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Spotlight: Gerald D. Hines, an Architect’s ‘dream’ Developer dies at 95

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Saili Sawantthttps://lifeinaday2016.wordpress.com
Architect and Interior Designer by profession, Writing is what she treats as her passion. She has worked as an Architectural Writer, Editor, and Journalist for various design as well as digital portals like ParametricArchitecture, FOAID (Festival of Architecture & Interior Design), Rethinking the Future (RTF), La Polo International, etc. Formerly she has also worked with Godrej Properties Limited (GPL) Design Studio, Mumbai due to her keen interested in learning about Sustainability and Green buildings. Apart from this, she runs her blog 'The Reader's Express'.

Gerald D. Hines, Real Estate Developer and an Architect’s ‘dream’ Developer dies at 95

Over his years of practice, Gerald D. Hines has managed to transform commercial real estate development by hiring blue-chip architects to build commercial skyscraper all around the world. He died on the 23rd at his home in Greenwich, Gerald was 95 then. His wife said that the cause was cancer.

Hines has grown from a one-man operation to a 4800 employees’ colossus in almost 25 countries with 144.1 billion dollars of real estate. Mr Hines is known for building more than 100 skyscrapers that were designed by some of the premier architects like I.M Pei, Philip Johnson, Harry Cobb, Cesar Peli, Kevin Roche, Jean Nouvel, Frank Gehry, Robert A.M Stern, etc.

Hines has built some of the iconic buildings like the Lipstick Building in Manhattan, Bank of America Plaza in Houston, Williams Tower that were all designed by Philip Johnson and John Burgee.

The Salesforce Tower designed by Cesar Pelli is the tallest building in the entire San Francisco.

Mr. Hines’s favorite project was the Aspen Highlands designed by Frank Gehry. Gehry worked on other projects like DZ Bank in Berlin, Porto Nuova complex in Milan, Diagonal Mar Project in Barcelona.

Gerald Hines was passionate about architecture as well as the real-estate. It is due to this reason that his buildings focused on the intersection between innovative serious designs along with a profit-making development module. Hines focused on having a good architecture as a vital part of developing an estate. He believed that spending a little more on creating a better building would always pay off in the long run. This thought bought him huge business as tenants would any day love to live in a building that had a distinctive identity of its own.

“I think I understand corporate executives because they are basically pragmatists, and what we’ve tried to do is create a way in which they can make some sort of real contribution to the quality of the city and yet not get sued by their stockholders. That’s where Pennzoil will convince people — not because it’s good architecture, but because it pays.”, says Mr. Hines on Pennzoil Place which is a two-towered complex in Houston that gave him recognition as an architectural patron.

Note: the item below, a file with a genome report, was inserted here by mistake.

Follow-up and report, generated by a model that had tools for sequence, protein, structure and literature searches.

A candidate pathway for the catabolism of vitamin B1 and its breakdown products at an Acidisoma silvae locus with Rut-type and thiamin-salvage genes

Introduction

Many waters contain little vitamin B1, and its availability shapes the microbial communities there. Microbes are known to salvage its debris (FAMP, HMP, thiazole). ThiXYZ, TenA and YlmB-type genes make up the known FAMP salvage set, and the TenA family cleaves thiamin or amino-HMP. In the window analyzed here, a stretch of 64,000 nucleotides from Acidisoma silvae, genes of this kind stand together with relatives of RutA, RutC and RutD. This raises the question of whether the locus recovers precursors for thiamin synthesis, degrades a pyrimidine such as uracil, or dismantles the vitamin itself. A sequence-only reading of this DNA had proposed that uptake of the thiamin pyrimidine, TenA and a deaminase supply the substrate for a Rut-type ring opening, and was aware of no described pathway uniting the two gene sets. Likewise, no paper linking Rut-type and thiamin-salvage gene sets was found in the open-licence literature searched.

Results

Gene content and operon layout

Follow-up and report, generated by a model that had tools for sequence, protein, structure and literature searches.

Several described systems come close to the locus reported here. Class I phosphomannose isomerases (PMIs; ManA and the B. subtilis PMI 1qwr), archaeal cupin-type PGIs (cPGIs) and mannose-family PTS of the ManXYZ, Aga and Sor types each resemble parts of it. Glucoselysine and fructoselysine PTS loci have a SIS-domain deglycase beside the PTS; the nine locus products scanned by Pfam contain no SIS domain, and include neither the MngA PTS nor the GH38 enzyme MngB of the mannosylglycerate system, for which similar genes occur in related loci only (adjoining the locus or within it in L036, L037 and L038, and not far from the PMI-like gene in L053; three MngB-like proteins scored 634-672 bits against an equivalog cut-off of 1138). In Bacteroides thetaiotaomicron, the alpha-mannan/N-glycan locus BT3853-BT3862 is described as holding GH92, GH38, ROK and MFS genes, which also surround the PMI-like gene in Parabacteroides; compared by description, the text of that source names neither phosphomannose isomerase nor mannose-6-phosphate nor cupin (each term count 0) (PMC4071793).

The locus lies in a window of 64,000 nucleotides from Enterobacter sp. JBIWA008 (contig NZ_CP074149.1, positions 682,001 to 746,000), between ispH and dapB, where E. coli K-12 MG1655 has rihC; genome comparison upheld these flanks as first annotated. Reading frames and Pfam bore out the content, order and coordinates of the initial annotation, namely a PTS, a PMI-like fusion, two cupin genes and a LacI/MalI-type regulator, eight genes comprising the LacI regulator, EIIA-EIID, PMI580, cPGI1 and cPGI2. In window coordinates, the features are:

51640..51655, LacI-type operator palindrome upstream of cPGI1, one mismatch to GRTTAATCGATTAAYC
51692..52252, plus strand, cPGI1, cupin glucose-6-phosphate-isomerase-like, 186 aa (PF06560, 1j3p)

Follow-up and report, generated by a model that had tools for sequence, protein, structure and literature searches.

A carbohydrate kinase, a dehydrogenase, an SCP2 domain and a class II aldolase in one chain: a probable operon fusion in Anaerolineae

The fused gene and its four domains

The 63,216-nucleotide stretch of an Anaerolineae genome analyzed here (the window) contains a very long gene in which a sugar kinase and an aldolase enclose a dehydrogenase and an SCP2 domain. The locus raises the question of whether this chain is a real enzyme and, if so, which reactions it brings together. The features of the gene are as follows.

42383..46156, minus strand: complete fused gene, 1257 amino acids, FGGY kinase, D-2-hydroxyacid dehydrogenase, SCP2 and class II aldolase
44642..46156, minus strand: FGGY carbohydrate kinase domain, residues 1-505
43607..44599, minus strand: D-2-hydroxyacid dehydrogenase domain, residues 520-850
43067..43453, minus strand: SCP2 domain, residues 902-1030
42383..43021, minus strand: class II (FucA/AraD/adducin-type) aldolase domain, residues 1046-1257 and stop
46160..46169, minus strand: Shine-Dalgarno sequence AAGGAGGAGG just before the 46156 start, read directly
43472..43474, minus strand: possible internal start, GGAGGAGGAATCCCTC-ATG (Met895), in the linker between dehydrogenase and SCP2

His way of belief later came to be recognized as the ‘Hines Formula’, as it seems to work amongst the buyers. It opened doors for innovative architectural thinking. This thinking encouraged creativity amongst peers to hire celebrated architects to design one-of-a-kind buildings.

Philip Johnson and Gerald Hines have had a long relationship from the Pennzoil Place. It also transformed Johnson’s career as a successful architect with expertise in institutional and commercial architecture. Hines had also commissioned the Comerica Tower, Wells Fargo Centre, 550 Boylston Street, etc. amongst many other projects to Johnson.

Johnson regards him as one of the ‘first and the greatest client’ he’s ever had.

Mr. Hines has also been on the forefront to bring a modernist idiom as a design style with his collaboration with firms like Skidmore, Owings & Merrill, Kohn Pedersen Fox.

Mr. Hines had a flair for dramatic buildings. He got his first opportunity to build a major skyscraper when Shell Oil invited him to compete against other real estate developers to build the regional headquarters for the company in Houston.  The 50 Story One Shell Plaza became Hines’s first skyscraper.

Developer Gerald D. Hines outside the Transco Tower, Nov. 16, 1989.

“Banks could see that architecture was a way of branding themselves, and we had developed a reputation with Pennzoil,” said Jeff Hines, who succeeded his father as chief executive of the firm in 1990. “Using great architecture as a point of difference transformed us from a Houston developer to a national one.”

Mr. Hines after his graduation and work experience in Mechanical Engineering bought a small house in downtown Houston which he sold six years later for a double price and later became a full-time real estate developer. In 2007, The University of Houston has renamed the Gerald D.Hines College of Architecture and Design. Mr Hines is survived by his wife and one son, daughter, and 15 grandchildren.

Gerald Hines has been the first real estate developer to win the Urban Land Institute J.C Nichols Prize for Visionary Urban Development.

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